During our latest ECI 833 class fellow classmates, Trevor, Matt and Dalton did an informative presentation on a number of different online assessment tools. I found this presentation to be extremely beneficial as there seems to be a constant looming cloud hanging over schools as to maybe not if, but when teachers and students will need to move to online teaching and learning. While the tools Trevor, Matt and Dalton presented on would prove beneficial if teaching online, they also provide effective ways to asses in the classroom and engage students with technology at the same time. I found the following chart to be very informative about a number of different online assessment tools teachers can incorporate into their classroom or online lessons:
When choosing an assessment tool it is important to keep in mind the type of assessment you are wanting your students to complete, whether this is a formative or summative assessment. “Formative assessment is an ongoing, flexible, and more informal diagnostic tool. While summative assessment is, as the word implies, an evaluation of the sum product of the lesson. Summative assessments are more formal, structured, and often used to normalize performance so they can be measured and compared”. (Source)
Two assessment tools that I had not heard of before, but stood out for me during the presentation were Knowledge Hook and Class Kick. I felt like these online tools could provide effective ways to assess students’ progress in math and reading.
I liked the idea of Knowledge Hook as a math assessment tool because it seemed to be extra engaging for students as they got to build a “bot” or “Avatar”; something that my grade 4 students already love to do when using Raz kids. I also liked Knowledge Hook because it seemed like it could provide a quick snapshot of where students were at in math. As we have just started our multiplication unit, I was able to use this tool as a pre-assessment tool for this unit. Most of the students found the questions easy to complete and enjoyed completing the online activity. I think I will continue to use this tool as a pre-assessment tool for our math units, rather than a summative assessment tool.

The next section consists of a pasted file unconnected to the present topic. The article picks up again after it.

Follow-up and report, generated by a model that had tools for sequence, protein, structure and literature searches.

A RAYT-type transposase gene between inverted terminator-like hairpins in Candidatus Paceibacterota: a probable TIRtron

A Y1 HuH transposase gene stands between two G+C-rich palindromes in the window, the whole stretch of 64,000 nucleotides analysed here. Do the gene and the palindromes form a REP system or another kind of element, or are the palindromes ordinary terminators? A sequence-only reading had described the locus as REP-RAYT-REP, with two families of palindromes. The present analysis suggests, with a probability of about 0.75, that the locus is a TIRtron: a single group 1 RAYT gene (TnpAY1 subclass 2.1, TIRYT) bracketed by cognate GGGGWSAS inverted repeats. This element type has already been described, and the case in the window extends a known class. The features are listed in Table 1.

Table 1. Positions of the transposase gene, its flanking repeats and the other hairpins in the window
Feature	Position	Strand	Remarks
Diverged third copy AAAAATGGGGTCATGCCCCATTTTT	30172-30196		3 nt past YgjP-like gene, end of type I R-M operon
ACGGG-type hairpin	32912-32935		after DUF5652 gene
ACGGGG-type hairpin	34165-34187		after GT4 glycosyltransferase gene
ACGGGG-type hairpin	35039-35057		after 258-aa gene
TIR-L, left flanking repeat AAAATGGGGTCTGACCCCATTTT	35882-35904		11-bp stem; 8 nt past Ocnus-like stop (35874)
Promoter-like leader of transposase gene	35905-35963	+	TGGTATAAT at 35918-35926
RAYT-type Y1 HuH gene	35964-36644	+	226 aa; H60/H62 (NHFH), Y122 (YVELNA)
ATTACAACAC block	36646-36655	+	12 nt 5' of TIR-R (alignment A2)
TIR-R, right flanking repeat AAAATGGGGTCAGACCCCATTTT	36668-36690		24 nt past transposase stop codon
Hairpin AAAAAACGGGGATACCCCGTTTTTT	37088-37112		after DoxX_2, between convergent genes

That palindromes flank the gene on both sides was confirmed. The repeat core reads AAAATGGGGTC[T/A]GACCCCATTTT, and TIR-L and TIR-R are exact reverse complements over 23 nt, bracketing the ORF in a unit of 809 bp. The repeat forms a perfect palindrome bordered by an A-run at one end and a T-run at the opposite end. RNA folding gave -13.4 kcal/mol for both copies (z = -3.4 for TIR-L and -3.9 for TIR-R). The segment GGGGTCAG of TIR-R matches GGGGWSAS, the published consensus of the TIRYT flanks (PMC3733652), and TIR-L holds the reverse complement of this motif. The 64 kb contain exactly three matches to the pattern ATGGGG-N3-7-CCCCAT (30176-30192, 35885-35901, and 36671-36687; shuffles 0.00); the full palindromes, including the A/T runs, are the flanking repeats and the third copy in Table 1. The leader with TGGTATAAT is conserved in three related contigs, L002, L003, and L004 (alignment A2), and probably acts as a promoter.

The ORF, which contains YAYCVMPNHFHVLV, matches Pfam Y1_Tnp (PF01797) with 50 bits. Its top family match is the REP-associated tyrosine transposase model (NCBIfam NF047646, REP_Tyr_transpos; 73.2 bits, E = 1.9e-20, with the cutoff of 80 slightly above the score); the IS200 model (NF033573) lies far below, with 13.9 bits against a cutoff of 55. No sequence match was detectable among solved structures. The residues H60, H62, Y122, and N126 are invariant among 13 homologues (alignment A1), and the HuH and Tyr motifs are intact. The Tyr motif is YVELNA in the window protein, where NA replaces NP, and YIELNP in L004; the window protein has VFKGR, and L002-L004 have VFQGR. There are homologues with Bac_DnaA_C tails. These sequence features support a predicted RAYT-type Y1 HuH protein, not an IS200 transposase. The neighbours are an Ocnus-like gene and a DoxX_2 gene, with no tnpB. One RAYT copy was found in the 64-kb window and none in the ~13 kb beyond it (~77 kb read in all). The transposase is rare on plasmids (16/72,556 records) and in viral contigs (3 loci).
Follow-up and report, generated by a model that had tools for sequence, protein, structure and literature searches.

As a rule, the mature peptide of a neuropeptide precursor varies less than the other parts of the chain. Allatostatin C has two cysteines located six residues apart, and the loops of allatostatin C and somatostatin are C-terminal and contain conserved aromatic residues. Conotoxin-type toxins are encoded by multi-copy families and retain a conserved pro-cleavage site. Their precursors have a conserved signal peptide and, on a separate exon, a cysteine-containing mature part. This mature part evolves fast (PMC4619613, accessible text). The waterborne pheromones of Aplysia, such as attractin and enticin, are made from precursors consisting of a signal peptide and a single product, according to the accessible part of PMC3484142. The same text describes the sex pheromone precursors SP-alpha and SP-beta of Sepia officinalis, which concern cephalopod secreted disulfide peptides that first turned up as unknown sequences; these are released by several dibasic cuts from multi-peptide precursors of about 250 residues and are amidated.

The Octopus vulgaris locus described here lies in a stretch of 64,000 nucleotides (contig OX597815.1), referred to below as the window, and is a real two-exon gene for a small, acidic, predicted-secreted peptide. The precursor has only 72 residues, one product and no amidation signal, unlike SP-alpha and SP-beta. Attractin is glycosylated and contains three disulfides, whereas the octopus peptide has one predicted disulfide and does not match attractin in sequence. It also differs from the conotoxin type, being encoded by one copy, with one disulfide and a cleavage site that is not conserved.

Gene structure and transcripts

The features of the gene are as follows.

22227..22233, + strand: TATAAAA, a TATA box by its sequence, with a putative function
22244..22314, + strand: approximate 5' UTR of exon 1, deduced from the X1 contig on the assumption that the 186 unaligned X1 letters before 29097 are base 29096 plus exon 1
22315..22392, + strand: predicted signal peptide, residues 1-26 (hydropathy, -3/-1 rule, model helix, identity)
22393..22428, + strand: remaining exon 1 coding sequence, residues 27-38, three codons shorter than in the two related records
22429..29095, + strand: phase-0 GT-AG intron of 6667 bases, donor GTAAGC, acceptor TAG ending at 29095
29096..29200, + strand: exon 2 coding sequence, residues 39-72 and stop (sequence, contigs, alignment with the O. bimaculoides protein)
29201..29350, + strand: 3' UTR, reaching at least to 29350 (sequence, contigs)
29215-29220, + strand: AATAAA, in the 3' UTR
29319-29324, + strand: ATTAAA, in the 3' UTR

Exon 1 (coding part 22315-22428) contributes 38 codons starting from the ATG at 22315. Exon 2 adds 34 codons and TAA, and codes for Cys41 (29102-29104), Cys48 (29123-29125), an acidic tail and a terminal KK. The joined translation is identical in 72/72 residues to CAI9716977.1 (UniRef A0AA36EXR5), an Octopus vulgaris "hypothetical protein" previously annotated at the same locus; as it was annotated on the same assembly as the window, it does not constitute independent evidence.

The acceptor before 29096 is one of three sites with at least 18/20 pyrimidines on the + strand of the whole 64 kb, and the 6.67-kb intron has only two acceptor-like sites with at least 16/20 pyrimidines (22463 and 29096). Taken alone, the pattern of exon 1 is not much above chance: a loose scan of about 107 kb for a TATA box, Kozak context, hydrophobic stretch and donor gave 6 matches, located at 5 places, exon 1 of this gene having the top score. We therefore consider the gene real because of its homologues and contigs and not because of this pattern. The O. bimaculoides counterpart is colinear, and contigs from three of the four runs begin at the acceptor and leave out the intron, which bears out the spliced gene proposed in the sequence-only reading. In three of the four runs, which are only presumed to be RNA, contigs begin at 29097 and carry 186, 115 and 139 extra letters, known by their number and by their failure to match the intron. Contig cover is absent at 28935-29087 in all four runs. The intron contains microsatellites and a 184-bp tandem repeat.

In addition to Knowledge Hook I tried out Class Kick with my students. Recently our school moved to a new reading assessment program called Fountas and Pinnell. A large part of this reading assessment program involves students needing to orally retell what happened in the story that they read. I found this to be challenging for many of my students. I like how Raz Kids provides assessments where students can record themselves orally reading a short story and then can record themselves retelling the main parts of the story. One challenge is that there are only 4 assessments per reading level, and some students need additional practice with this skill.
This is where Class Kick was and will continue to be very beneficial. I was able to find reading passages in the pre-made activity section of the app. I could then assign the reading piece to students where they were able to record themselves reading the piece and could orally answer the questions presented on the page. It did take some time to teach students how to use the “record” feature for this app, but I feel it was time well spent for the long run.
What really stood out for me with this app during our class presentation was the student connection feature. This feature allowed students to ask a question, where a fellow peer could then assist them. In addition, students did not know who they were helping, but those who were receiving the help were notified who helped them. I found this to be a unique feature for students to engage with. I am planning on utilizing this feature when I have students complete their unit review for our Rocks and Minerals Unit. Check back later to see how it went!
In conclusion, there are a variety of online assessment tools that can be utilized to engage students in meaningful ways while still being able to effectively assess their progress whether it is in the form of a formative or summative assessment. The following article provides further insight on how technology is transforming everyday assessment.